Theory and practice of business valuation: using financial statements, modeling cash flows, present value, using multiples.
Number of Credits: 3
This class meets in-person for two 75-minute class periods from 1:00pm to 2:15pm every Tuesday and Thursday. Students need to work a minimum of four hours out of class each week over approximately 15 weeks.
ECON/FINANCE 300, FINANCE 700, or member of Business Exchange program.
Instruction Mode: In-Person Instruction.
Required Course Materials
Corporate Valuation: Theory, Evidence & Practice (2nd Edition) Holthausen and Zmijewski. Publisher:
Cambridge Business Publishers. ISBN: 978-1-61853-324-1
Course Learning Outcomes
At the end of this course:
- Students will be able to apply several valuation models. These can be used to select stocks, make investment recommendations, infer market expectations, evaluate events such as mergers, acquisitions, spin-offs, evaluate business strategies and models, value private businesses, and assess credit worthiness.
- Students will be able to analyze financial statements and other sources of information in order to assess earnings quality and financial risk, and make better forecasts of accounting data used in valuation models.
- Students will be able to conduct industry and competitive strategy analysis to understand the economic forces and help forecast future accounting numbers and cash flows.
- Students will be able to present and defend trade and investment recommendations based on overall analysis.
- Build valuation models using spreadsheets.
All cases must be obtained by each student individually. You can use this link to access the course pack:
1) Anandam Manufacturing Company: Analysis of Financial Statements. Vinay Goyal and Subrata Kumar Mitra. Ivey Publishing. 2016.
2) Monsanto Company. Marc Lipson and Rick Green. Darden School of Business. 2010. This case has a spreadsheet supplement.
3) Mercury Athletic: Valuing the Opportunity. Timothy A. Luehrman and Joel L. Heilprin. HBS Brief Cases. 2011. This case has a spreadsheet supplement.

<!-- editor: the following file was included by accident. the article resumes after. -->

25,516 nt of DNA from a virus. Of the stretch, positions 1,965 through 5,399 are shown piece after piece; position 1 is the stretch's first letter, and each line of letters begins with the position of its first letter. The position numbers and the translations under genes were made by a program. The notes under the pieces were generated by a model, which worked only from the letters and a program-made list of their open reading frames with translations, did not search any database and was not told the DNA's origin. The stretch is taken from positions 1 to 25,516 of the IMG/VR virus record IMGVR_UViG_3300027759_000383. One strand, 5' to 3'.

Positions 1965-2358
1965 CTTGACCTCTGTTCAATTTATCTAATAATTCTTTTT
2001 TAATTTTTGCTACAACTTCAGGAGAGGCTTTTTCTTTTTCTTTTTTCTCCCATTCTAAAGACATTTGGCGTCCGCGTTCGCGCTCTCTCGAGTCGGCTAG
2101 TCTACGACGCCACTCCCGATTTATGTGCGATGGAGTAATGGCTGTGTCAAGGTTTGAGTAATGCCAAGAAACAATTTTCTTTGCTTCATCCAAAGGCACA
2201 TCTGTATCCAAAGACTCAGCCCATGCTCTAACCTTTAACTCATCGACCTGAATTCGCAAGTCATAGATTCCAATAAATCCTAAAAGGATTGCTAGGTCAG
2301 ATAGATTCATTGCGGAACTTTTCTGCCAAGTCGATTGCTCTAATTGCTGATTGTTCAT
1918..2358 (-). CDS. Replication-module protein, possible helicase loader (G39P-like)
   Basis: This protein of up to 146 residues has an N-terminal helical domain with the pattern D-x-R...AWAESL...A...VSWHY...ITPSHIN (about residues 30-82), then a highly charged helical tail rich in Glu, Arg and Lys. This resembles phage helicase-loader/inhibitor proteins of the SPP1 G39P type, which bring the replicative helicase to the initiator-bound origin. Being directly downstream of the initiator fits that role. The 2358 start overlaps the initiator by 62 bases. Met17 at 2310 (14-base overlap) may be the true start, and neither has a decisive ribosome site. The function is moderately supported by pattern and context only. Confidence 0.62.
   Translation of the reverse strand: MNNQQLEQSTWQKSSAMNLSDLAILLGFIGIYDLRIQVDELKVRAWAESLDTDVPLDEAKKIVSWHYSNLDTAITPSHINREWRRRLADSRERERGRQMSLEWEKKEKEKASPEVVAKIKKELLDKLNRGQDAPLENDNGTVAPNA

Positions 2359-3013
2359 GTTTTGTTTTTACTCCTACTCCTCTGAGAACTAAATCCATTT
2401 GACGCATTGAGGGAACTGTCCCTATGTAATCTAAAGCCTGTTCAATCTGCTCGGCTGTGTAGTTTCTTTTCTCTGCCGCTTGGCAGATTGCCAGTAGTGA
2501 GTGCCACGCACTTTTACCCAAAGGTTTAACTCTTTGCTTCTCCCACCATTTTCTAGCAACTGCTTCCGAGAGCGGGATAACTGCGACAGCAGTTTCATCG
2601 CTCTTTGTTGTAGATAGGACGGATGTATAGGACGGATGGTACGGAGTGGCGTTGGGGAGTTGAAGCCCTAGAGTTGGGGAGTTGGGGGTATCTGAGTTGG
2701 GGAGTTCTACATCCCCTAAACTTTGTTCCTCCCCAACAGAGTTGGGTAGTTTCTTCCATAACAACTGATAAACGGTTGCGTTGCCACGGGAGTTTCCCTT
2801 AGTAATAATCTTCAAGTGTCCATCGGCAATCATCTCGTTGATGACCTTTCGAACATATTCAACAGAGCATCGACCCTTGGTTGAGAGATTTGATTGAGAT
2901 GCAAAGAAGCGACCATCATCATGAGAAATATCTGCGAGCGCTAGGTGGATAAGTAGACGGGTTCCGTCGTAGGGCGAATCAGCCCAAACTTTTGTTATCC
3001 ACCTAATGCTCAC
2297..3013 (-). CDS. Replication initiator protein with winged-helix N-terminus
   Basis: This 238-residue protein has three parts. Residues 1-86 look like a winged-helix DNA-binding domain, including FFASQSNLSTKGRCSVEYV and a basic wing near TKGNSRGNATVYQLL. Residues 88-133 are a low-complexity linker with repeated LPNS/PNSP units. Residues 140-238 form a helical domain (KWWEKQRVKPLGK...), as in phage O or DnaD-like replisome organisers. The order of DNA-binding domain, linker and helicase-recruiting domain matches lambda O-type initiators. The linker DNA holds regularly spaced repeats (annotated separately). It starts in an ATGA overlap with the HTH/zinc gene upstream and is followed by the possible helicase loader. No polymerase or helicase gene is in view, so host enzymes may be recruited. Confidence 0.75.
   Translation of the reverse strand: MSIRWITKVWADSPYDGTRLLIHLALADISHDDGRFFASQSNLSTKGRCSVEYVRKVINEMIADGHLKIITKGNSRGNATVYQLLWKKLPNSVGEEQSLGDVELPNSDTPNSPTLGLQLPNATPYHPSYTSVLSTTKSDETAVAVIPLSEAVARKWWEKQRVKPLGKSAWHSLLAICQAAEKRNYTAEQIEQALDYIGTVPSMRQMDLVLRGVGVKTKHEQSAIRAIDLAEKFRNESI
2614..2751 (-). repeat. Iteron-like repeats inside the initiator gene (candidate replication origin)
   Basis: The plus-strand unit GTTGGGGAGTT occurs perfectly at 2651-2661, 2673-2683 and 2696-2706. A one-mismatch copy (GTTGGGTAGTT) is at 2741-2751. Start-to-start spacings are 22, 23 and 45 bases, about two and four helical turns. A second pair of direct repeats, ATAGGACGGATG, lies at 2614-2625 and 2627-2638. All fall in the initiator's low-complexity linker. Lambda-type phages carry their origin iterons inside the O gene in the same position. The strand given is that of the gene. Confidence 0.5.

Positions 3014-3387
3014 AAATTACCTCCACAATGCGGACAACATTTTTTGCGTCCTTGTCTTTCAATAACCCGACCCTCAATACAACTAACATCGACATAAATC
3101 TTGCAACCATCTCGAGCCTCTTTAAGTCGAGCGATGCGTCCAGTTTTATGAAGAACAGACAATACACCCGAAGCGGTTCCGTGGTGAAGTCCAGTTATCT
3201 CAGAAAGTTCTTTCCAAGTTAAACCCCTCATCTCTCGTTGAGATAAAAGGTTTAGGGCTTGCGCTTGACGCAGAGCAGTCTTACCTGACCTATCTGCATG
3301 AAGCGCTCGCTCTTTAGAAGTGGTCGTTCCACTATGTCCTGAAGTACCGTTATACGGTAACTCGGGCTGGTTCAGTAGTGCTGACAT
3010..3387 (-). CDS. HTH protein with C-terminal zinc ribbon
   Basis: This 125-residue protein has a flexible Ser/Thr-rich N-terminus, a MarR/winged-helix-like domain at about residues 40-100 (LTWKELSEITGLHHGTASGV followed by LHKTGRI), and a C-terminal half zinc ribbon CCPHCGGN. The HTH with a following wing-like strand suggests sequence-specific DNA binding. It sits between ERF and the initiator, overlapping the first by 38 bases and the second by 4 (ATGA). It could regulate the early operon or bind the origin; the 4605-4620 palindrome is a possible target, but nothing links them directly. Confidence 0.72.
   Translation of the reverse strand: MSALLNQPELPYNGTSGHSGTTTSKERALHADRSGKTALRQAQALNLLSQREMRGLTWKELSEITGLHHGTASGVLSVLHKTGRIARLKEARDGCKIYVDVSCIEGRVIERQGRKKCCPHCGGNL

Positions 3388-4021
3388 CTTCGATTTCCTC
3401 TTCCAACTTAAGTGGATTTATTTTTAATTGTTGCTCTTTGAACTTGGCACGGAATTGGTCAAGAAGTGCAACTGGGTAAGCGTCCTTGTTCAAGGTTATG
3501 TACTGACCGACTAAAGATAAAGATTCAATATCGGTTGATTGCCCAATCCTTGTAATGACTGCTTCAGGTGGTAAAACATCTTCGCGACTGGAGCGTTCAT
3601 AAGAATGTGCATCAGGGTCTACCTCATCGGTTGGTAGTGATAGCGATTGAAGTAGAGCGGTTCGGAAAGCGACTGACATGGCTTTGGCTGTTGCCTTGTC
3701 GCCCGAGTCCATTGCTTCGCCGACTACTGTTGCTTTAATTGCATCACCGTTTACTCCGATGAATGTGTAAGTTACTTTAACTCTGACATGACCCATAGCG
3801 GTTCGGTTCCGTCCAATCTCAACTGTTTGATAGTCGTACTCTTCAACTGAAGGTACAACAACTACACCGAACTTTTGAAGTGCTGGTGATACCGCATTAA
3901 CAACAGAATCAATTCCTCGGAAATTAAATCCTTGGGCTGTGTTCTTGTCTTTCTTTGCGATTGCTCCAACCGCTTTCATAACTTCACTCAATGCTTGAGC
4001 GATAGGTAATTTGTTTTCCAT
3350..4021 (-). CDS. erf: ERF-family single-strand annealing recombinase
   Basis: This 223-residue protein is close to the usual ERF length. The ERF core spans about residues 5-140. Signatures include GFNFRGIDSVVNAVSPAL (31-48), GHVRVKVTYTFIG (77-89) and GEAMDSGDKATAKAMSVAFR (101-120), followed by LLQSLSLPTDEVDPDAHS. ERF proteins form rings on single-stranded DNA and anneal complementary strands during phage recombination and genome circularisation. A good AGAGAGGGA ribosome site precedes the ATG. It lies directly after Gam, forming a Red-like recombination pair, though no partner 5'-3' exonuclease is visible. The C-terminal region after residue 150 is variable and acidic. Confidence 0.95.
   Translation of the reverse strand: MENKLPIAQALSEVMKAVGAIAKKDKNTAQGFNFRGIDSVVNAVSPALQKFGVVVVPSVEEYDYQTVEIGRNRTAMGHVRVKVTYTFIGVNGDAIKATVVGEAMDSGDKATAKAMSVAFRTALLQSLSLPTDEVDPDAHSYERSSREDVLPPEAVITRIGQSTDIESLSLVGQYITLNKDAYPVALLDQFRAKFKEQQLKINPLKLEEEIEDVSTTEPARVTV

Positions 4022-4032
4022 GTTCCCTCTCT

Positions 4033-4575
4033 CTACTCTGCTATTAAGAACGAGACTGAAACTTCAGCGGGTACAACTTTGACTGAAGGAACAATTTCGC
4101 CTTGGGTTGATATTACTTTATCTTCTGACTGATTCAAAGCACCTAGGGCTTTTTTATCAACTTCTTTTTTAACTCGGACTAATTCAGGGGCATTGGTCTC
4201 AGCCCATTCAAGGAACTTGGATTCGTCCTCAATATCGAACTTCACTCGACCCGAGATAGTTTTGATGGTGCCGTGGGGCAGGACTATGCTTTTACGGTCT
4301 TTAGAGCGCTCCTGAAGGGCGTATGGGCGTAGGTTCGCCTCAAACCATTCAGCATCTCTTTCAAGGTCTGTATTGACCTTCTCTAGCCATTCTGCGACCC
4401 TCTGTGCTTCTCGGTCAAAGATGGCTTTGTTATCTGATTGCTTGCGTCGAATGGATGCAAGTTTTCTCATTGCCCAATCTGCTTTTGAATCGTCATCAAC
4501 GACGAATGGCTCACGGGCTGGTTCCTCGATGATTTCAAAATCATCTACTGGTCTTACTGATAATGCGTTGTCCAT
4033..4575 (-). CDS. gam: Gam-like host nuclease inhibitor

4) Valuation of AirThread Connections. Erik Stafford and Joel L. Heilprin. HBS Brief Cases. 2011.
This case has a spreadsheet supplement.
Guidelines for Case Write-Ups
There will be four assigned cases, and all are to be turned in. You will work in teams of up to four students. All members of a team will ordinarily receive the same grade, but I will ask every member of the team to do a peer evaluation of other group members, and I reserve the right to use that or other information to give less or more marks to an individual team member.
For each case you will be provided with a list of questions designed to help guide and focus your analysis. The questions are not intended to be a complete list of the relevant issues in the case and, therefore, should not be used to define the limits of your analysis. The following are some general guidelines in preparing your write-ups.
Determine the major problems and/or opportunities in the case. Critically evaluate the information provided in the case. Having identified the relevant issues, list the alternative courses of action. If needed, consult general texts and references pertinent to the problem. If business conditions, the legal environment, or other events at the date of the case affect the solution, find the appropriate facts. Critically evaluate the data and issues provided in the case. Confine your analysis to facts known at the time of the case.
All teams must prepare a typed case report of at most 10 pages of text (double spaced, font size 12 pt.) excluding the cover sheet and at most 8 pages of exhibits, tables and figures. Reports should outline the main issues, address the assigned case questions, and suggest specific recommendations supported by a thorough analysis. The report must clearly state the assumptions and the justifications for making these assumptions, and specify any additional data needed to arrive at conclusions. The case reports will be graded based on both form and content. Copies of your case analysis should be uploaded to Canvas as word documents before the due date stated on Canvas.
No late submissions will be allowed!
Your numerical course grade is equal to the weighted average of live lecture attendance score (5%),homework score (15%), case assignment score (30%), exam 1 score (25%), and exam 2 (final exam) score (25%). As per Wisconsin School of Business rules, the average GPA for the class will be no higher than 3.3.